Tag Archives | trade liberalization Gender, Poverty, Social development and protectionEconomics, Industry and trade, Regional cooperation and integrationEconomics, PovertyIndustry and tradeIndustry and trade, Regional cooperation and integrationIndustry and trade, Regional cooperation and integration
How can trade liberalization boost women’s employment and well-being? An analysis of the Thai labor market
By Upalat Korwatanasakul. Posted August 17, 2020
As the economy is a gendered structure, trade liberalization affects women and men differently in various dimensions and through different channels. Trade liberalization causes structural transformation in terms of production and, therefore, leads to changes in employment patterns and income. However, the effect of trade is heterogenous across different sectors.
In 2015, the Association of Southeast Asian Nations (ASEAN) and the People’s Republic of China (PRC) signed an Upgrade Protocol to improve the original Framework Agreement for the ASEAN-People’s Republic of China Free Trade Area (ACFTA) as well as their Agreement on Trade in Goods, Services, and Investment. The Upgrade Protocol entered into force in July 2016, and implementation will start from August 2019.
By Devashish Mitra. Posted February 26, 2019
Even though in aggregate, trade leads to economic gains, it almost always creates winners and losers. To design appropriate social protection policies, it is important to know the identities of these winners and losers. These policies need to be in place for equity reasons as well as to build and sustain support for free trade.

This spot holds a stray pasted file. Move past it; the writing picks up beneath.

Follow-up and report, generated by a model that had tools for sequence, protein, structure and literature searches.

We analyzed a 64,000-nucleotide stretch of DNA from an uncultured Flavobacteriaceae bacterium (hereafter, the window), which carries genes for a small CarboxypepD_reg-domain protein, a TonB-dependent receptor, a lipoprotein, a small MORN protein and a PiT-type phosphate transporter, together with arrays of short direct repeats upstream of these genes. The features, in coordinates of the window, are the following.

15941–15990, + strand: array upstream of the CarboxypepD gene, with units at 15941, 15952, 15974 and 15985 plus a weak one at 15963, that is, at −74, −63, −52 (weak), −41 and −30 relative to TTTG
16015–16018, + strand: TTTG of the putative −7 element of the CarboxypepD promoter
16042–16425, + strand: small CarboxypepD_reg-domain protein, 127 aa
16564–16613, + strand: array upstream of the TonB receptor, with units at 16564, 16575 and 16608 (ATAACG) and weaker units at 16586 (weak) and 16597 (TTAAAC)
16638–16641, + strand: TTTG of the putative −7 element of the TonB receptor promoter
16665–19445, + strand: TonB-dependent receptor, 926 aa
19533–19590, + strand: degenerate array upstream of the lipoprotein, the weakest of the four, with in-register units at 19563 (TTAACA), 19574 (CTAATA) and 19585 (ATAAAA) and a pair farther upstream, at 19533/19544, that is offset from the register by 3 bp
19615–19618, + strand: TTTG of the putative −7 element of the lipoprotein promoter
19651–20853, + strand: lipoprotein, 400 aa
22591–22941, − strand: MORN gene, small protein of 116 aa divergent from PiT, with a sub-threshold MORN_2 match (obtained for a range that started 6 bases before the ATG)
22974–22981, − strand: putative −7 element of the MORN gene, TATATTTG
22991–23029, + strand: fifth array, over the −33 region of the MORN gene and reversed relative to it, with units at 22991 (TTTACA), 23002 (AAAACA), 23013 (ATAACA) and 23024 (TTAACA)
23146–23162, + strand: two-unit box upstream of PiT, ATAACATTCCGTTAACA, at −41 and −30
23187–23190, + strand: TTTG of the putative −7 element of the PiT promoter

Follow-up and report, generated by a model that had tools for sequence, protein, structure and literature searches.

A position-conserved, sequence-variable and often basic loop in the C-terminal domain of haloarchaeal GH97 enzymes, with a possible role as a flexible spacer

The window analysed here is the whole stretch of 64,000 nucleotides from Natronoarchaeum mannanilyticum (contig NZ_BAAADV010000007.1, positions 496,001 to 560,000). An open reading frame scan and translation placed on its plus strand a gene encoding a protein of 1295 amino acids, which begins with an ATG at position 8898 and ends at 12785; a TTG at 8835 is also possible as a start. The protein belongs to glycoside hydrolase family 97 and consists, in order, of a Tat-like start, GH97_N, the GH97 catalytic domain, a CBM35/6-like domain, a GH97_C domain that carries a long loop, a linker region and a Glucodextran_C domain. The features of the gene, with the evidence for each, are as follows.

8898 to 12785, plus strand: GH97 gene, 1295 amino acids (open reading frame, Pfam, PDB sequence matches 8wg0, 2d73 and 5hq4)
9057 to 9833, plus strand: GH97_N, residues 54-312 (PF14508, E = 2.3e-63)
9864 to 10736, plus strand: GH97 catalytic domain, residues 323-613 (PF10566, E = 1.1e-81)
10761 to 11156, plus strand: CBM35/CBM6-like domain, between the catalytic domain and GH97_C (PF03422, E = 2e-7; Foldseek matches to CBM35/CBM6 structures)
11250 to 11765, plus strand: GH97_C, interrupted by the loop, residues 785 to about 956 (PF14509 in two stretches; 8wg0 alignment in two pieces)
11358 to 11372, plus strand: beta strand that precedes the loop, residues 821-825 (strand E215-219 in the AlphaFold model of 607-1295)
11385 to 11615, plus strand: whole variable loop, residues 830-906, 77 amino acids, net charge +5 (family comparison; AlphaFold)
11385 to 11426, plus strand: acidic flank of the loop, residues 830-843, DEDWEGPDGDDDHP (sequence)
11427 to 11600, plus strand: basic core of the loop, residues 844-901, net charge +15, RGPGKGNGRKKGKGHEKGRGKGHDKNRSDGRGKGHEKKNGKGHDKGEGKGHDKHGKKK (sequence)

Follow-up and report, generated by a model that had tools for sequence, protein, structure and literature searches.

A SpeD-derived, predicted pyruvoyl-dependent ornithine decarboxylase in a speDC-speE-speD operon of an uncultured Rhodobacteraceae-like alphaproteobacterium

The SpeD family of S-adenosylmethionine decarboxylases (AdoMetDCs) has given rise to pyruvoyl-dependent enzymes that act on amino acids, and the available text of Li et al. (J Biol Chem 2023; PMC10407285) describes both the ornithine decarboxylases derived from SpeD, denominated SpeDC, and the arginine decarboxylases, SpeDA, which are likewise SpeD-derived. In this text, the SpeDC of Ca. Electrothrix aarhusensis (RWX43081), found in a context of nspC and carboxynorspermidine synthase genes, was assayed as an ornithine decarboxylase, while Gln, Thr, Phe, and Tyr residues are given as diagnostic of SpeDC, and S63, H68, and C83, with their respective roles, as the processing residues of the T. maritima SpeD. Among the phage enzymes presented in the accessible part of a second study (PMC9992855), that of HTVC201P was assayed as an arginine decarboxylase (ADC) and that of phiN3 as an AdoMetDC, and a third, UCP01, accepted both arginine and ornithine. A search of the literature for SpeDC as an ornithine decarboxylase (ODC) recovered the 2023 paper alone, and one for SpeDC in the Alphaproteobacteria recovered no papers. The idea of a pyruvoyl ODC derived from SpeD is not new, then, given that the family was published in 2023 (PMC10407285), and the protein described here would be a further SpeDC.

By Ben Shepherd. Posted February 6, 2019
Services and manufacturing are closely intertwined. Manufacturers use services as inputs into their production process. It is difficult to imagine a modern global value chain working without efficient transport services, financial services, logistics, and business services.
By Ganeshan Wignaraja. Posted July 4, 2016
Talks just concluded in Auckland, New Zealand on Saturday show that plans for the Regional Comprehensive Economic Partnership (RCEP) are advancing. Just as both Hillary Clinton and Donald Trump, the next potential leaders of the Trans-Pacific Partnership’s (TPP) biggest partner—the US—have distanced themselves from the agreement. Some even suggest that the US Congress won’t ratify the TPP agreement, and warn that the world economy risks US isolationism.
By Ganeshan Wignaraja. Posted April 21, 2016
There seems to be a pushback against trade agreements in the post global financial crisis era. The Trans-Pacific Partnership (TPP) was signed in early 2016, but US presidential candidates have spared no effort criticizing it so near-term ratification is highly uncertain. The WTO Doha Round is in the deep freeze after 14 years of negotiations. Unilateral trade liberalization has virtually come to a standstill.
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